With over 200 inhabited islands in Greece to explore, each with their unique attractions, spectacular sunsets, and azure waters, deciding which one is best suited for your holiday can be difficult. That’s why U.S. News compiled this ranking of the top Greek islands by taking into account attractions, seasonality, and tourist attitude. Do you have a favorite lane? Vote in the poll below to help determine the ranking for next year. (Note: The coronavirus outbreak may affect some of the following destinations.) Before traveling, consult the CDC and the US Department of State.
Santorini’s ancient Cycladic architecture makes this archipelago one of Greece’s most beautiful and visited. Because of its volcanic heritage, the main island of Thira has spectacular black and red sand beaches as well as well-preserved historic ruins. After seeing the crowded tourist attractions of Thira, take a day journey to tranquil Thirassia to see its beautiful towns and country side. You could also pay a visit to Santorini’s Renowned Wineries. Most are in the middle of central Santorini and can be visited on a vineyard tour.
Corfu’s natural beauty has captivated notable writers such as Homer and Shakespeare, as well as ancient Venetian, French, and British troops fighting for possession of the island since the seventh century B.C. It is now a gorgeous refuge for vacationers looking for some real R&R. There are numerous resorts overlooking the Ionian Sea. As well as restaurants, cafes, and stores lining the streets of Corfu Town, a UNESCO World Heritage site. Continue up the coast for a more quiet hideaway.
Greece’s largest island has something for everyone. Sunbathers can relax on beaches like Vai and Elafonisi. Nature enthusiasts may hike through Samaria Gorge National Park. Also history fans can visit ancient ruins like the Venetian Fortezza and the Palace of Knossos. At the island’s tavernas, everyone will taste typical Cretan fare such as graviera (a Gruyere-like cheese) and dakos (a twice-baked bread topped with tomato, oregano, and olive oil).
Hydra, located in the Saronic Gulf southwest of Athens, distinguishes out from its neighbors due to its lack of motor vehicles. That’s correct, you’ll have to walk or ride a donkey through the cobblestone streets. But that is a big element of Hydra’s allure for visitors. While you’re here, explore the island’s pebbly shorelines and attractive seaside towns, such as Hydra Town, where you’ll find traditional residences and some of Hydra’s greatest nightlife places.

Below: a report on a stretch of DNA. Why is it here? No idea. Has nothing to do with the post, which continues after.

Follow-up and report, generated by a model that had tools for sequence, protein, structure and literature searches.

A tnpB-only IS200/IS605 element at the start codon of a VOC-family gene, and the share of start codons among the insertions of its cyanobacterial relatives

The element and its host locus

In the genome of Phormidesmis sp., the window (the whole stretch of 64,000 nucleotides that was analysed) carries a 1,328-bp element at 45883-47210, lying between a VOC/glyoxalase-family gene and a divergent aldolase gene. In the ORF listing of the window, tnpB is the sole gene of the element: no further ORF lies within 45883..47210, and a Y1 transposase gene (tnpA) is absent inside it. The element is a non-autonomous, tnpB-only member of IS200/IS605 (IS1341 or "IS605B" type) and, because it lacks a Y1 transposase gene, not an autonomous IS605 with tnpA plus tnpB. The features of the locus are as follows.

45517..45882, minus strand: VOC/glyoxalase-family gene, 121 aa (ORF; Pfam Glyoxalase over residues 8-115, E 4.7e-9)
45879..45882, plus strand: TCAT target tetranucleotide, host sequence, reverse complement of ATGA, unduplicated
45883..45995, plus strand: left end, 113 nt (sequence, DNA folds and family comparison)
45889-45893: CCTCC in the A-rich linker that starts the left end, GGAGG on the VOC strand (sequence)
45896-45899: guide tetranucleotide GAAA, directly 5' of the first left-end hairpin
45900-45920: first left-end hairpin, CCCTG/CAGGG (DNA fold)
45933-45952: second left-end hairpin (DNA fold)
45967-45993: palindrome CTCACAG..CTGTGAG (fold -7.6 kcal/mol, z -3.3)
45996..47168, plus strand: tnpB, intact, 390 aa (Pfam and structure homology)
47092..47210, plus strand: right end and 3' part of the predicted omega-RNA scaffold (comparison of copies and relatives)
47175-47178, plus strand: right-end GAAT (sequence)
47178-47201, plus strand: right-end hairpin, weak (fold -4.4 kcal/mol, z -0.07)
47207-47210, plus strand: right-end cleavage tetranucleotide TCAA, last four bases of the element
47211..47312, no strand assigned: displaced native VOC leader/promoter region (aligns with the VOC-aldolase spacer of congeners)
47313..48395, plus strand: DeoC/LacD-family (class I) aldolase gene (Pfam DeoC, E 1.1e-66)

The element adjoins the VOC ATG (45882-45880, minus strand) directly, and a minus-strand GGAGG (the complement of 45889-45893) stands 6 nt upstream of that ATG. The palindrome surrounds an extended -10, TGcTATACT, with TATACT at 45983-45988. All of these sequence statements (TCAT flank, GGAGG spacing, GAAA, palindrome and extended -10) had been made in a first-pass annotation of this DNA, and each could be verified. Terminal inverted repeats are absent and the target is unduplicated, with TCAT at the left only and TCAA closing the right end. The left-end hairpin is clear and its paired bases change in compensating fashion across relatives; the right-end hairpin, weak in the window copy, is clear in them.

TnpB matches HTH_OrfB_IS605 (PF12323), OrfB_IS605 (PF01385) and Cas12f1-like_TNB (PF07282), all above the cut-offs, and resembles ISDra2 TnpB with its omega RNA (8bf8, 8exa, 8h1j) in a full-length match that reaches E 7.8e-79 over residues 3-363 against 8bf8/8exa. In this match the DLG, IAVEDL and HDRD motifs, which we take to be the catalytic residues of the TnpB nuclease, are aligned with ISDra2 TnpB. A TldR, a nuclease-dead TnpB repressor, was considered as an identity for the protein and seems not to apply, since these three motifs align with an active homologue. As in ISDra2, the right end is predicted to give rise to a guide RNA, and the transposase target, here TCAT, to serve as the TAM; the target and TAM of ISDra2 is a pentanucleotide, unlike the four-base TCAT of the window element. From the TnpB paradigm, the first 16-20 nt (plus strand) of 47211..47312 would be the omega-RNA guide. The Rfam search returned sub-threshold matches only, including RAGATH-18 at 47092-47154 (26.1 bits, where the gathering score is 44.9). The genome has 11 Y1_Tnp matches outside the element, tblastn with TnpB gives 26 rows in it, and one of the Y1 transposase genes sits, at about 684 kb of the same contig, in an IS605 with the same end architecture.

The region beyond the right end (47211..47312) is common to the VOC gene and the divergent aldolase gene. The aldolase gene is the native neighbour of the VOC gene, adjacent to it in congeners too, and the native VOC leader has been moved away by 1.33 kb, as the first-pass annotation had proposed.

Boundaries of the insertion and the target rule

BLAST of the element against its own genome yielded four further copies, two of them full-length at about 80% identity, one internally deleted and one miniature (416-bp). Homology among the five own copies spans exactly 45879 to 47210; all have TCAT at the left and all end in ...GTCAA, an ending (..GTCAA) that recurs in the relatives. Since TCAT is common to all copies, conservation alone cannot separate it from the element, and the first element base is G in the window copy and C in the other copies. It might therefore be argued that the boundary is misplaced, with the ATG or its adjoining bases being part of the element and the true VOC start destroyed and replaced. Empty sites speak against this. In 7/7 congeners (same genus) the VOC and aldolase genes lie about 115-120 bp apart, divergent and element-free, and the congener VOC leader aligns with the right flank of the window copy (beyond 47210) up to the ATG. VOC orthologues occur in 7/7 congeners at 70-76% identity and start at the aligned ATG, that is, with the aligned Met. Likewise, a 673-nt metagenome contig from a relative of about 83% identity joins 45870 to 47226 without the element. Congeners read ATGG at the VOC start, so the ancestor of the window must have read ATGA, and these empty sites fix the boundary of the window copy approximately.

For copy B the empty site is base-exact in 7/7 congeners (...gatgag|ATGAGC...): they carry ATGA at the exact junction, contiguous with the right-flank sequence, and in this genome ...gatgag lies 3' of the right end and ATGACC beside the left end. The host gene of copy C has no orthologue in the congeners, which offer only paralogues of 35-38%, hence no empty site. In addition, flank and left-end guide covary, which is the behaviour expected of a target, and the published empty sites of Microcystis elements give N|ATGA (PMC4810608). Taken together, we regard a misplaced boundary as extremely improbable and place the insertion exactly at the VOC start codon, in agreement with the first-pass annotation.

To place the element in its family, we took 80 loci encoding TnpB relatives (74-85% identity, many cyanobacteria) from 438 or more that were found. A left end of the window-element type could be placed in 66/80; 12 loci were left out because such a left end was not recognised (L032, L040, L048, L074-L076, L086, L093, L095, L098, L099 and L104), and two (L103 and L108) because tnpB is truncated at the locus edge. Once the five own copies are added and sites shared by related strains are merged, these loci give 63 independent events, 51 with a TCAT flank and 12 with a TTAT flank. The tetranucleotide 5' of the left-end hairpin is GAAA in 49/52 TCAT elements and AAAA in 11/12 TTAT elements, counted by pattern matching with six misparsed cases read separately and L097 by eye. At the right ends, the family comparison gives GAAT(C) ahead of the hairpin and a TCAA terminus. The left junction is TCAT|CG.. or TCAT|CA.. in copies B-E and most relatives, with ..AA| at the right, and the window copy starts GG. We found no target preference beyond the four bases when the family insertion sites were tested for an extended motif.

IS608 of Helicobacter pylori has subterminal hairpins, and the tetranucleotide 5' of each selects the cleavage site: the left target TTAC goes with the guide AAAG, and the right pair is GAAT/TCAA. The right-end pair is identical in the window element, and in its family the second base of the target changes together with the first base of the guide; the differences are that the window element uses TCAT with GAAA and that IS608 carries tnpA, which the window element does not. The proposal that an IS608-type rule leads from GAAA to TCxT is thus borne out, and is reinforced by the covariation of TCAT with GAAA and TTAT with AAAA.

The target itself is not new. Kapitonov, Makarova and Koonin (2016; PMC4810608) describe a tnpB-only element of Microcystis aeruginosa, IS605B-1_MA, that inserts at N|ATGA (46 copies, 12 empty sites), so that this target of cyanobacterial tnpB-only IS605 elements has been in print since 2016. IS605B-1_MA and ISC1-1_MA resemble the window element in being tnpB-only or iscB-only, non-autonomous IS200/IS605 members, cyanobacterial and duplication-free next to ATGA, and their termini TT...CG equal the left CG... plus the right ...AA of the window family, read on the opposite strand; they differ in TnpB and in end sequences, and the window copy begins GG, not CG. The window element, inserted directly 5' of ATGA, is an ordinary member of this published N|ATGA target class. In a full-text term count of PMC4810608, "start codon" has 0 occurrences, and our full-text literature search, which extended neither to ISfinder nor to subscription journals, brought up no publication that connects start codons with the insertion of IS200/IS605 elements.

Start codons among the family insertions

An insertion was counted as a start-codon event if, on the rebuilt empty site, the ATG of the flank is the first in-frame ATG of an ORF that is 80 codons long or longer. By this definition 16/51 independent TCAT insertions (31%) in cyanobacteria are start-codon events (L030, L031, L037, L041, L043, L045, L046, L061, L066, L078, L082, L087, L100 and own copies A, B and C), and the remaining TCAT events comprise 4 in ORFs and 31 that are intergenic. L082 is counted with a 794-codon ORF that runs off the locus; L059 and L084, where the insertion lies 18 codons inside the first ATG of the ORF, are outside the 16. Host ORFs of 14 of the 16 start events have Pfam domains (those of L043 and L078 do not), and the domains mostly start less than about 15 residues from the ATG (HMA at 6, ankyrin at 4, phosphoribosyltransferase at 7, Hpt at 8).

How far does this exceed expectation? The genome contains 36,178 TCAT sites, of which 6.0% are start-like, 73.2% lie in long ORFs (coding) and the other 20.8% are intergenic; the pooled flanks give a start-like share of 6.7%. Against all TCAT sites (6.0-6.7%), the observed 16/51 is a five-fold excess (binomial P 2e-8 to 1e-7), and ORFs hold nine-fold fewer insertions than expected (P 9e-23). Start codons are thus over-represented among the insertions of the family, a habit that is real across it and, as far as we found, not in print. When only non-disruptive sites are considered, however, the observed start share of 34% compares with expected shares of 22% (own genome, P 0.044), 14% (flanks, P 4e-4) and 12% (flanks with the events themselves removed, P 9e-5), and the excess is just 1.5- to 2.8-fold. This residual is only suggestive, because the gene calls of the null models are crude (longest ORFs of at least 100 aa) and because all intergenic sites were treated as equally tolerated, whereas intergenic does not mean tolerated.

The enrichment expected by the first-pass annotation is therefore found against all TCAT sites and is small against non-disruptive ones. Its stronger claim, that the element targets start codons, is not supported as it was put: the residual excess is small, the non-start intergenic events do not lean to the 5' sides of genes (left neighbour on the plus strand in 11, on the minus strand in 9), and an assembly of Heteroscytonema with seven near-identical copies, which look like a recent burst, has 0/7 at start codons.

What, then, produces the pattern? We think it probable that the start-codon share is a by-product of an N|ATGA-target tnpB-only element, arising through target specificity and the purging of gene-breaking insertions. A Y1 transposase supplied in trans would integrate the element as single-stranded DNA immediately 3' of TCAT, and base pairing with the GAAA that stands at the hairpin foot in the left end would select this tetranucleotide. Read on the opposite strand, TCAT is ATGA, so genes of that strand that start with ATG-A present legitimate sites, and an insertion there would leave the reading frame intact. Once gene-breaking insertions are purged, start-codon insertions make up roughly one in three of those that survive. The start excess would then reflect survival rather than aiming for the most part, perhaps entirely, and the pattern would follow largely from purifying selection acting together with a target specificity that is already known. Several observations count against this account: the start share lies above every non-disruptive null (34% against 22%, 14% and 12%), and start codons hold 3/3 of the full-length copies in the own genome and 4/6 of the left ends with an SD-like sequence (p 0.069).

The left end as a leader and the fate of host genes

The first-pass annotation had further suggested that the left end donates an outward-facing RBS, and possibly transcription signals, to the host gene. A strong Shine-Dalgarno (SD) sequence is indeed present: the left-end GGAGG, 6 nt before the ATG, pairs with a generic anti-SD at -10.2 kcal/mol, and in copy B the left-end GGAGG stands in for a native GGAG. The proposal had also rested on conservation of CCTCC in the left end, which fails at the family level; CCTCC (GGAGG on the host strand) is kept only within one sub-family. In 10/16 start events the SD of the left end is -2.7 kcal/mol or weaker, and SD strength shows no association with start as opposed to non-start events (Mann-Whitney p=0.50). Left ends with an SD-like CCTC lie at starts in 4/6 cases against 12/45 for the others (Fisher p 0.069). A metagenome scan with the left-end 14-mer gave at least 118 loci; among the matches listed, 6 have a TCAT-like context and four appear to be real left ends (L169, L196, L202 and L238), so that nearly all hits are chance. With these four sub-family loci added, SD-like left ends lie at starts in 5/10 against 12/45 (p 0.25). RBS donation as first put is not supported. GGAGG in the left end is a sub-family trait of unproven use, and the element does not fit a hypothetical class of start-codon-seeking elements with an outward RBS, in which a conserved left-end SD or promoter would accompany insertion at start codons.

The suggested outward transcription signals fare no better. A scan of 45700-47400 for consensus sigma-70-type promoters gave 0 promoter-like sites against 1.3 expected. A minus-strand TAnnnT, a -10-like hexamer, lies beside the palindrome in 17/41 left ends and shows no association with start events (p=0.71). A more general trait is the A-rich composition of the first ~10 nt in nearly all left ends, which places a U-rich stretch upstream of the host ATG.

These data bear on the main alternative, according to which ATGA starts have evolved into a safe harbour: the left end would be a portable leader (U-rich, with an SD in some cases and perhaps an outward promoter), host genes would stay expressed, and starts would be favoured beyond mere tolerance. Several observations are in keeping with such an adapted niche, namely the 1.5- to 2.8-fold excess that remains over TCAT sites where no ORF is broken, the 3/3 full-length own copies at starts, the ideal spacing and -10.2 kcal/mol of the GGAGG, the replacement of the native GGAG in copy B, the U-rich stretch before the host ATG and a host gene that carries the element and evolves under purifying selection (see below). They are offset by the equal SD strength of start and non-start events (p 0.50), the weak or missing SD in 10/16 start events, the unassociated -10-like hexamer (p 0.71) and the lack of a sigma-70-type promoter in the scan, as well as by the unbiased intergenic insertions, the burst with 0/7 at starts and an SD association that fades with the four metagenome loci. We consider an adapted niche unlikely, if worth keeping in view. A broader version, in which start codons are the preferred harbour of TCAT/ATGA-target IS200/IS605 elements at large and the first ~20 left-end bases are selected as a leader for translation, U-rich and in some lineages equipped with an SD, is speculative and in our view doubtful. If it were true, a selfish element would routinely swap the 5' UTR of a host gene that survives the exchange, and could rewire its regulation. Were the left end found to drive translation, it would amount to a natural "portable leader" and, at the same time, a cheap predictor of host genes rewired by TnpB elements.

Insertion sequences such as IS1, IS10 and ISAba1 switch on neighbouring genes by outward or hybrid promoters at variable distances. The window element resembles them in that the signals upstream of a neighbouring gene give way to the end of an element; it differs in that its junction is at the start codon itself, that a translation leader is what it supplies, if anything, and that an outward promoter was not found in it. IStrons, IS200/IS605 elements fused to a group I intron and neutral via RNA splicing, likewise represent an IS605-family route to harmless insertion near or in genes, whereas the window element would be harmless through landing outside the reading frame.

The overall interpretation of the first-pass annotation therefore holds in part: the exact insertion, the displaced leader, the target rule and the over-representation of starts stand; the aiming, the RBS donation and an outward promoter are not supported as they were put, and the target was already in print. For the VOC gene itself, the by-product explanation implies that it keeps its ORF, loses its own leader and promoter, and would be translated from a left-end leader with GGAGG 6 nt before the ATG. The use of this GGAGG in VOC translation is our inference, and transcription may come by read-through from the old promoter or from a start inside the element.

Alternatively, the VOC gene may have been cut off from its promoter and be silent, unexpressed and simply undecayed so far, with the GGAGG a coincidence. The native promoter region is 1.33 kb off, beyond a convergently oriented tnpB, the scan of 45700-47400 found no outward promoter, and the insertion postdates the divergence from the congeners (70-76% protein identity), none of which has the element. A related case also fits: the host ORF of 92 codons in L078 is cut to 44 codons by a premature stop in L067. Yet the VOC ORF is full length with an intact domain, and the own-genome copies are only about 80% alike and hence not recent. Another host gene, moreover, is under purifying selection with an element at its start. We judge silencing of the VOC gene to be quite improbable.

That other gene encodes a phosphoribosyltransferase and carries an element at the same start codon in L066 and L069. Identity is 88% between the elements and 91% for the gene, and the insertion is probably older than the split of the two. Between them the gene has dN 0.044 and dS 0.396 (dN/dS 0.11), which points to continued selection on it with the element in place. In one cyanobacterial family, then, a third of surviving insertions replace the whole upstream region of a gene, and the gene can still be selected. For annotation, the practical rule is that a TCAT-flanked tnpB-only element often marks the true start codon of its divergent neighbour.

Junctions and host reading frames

Despite the fact that much of Kefalonia’s exquisite Venetian architecture was destroyed in an earthquake in 1953, the island still feels mystical due to its unique scenery. Explore picturesque villages such as Assos and Fiskardo to view colorful dwellings and stunning churches. Then, relax on one of the island’s sandy or pebbly beaches. Or even go snorkeling or scuba diving in the lovely blue ocean. Hike to the summit of Megas Soros in Mount Ainos National Park for an adrenaline rush. You could also explore one of Kefalonia’s underground caverns.
Because Naxos is the largest of the Cyclades, there is a lot more shore to go about. There are numerous beaches to choose from, ranging from popular Plaka to low-key Alyko, as well as numerous water sports activities. Naxos is an ideal site for windsurfing and kitesurfing. Mostly due to the wind on the west side of the island, so sign up for a class. Make time to visit ancient ruins such as the temples of Apollo, Demeter, and Dionysus.
Mykonos is the place to go for a more boisterous Greek vacation. When you’re not dancing the night away at one of the many clubs on the island, you may unwind with a beverage while gazing out at the Aegean Sea. Other must-dos on Mykonos include sampling its delectable fish and admiring its whitewashed architecture. Keep in mind that this popular island is not cheap, especially during the high season. Visit Mykonos during the shoulder seasons in spring and fall to avoid rubbing elbows with swarms of visitors and paying more for flights and accommodations.
Whether you like watching movies or spending time outside, chances are you’ll like your visit to Skopelos. The film “Mamma Mia!” was shot on Greece’s greenest island. Skopelos is home to pine forests, vineyards, orchards, and olive groves, as well as Agios Ioannis (the church where the movie’s characters Sophie Sheridan and Sky Ramand were married). It also has several gorgeous lengths of sand, including pebbly Panormos, which is a great place to view one of Greece’s famous sunsets. Because Skopelos has only two main highways, travel around on foot or by bike.